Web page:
The first cooking show aired on BBC in 1946 during the war. At first, he had a cooking show on the radio and later had his TV show. There was no say whether the show had any background tunes and neither is there any such record of when melodies became a part of the cooking show industry. All we know is that music is a huge part of any cooking show or event.
When talking about shows, the music is often found to be fairly calm and light. You will not find a party genre or any of the other different genres being played at the back. The aim is to give a background music that shows how easy and light the cooking is.
Styles such as Smooth Jazz, Soft Rock, R&B, Melodic Rock, Pop, Light Ambient or Electronica is used as background music. These styles are easy going which help in setting the environment of the show.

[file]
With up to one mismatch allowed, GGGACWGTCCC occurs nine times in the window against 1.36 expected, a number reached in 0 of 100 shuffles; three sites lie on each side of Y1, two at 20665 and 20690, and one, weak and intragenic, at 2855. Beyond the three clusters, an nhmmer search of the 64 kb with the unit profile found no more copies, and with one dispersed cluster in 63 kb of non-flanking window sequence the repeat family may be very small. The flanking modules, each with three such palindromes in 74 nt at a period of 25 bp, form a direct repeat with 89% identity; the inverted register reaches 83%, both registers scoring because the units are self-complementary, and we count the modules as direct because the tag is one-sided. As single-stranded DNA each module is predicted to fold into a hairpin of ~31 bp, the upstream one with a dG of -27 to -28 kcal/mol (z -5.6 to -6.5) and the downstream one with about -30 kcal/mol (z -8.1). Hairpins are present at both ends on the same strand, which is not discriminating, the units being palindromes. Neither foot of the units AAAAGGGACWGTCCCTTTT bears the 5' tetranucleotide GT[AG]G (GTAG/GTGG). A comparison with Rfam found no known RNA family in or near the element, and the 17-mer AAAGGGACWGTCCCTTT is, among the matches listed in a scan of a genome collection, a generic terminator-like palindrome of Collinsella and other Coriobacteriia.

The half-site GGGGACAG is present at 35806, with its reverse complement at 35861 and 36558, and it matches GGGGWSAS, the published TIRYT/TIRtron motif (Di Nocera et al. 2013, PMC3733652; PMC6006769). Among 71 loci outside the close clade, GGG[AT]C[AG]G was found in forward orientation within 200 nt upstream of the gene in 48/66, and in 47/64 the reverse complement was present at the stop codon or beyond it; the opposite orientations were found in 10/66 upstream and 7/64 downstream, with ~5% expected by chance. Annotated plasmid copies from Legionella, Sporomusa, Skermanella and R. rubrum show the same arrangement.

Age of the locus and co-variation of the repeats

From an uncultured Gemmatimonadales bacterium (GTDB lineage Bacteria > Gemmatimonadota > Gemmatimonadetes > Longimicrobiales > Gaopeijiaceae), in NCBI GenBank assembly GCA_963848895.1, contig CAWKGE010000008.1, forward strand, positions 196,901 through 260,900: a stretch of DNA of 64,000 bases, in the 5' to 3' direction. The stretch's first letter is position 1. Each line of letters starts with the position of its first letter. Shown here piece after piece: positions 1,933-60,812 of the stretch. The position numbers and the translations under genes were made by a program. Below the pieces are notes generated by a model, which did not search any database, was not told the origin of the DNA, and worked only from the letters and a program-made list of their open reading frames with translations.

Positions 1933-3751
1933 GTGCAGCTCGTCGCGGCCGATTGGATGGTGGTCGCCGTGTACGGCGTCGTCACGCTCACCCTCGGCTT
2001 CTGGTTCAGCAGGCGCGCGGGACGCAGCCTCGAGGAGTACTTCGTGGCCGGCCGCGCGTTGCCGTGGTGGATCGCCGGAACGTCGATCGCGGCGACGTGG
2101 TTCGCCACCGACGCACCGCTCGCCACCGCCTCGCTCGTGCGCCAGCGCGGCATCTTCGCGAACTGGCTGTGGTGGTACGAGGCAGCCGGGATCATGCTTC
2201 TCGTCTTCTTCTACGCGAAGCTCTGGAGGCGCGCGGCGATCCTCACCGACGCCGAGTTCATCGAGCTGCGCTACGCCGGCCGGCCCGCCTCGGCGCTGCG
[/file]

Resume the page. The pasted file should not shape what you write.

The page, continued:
In cooking events, the music is usually chosen according to the event being held. If it is a contest, the music is mostly chosen accordingly. For example, an upbeat song can be played at the contest to symbolise competition and energetic contestants.
For cooking videos, people more than often choose smooth jazz or melodic or soft rock. This helps in keeping the mood light. Another key point is that background music might even help in attracting viewers. The correct ambience might get you a whole bunch of viewers.
TV shows like Top Chef and Master Chef have music accordingly. If we talk about the music background on Master Chef, it varies accordingly. During a time-limited task the music is upbeat indicating speed and the time limit. It goes perfectly along with the event of the moment. While the judges taste the food, the music is either light or nerve-wracking indicating nervousness.
The music for cooking shows, events or videos can either pull or push away viewers. It is better to have music according to the task or event at hand than having rock music to a baking show!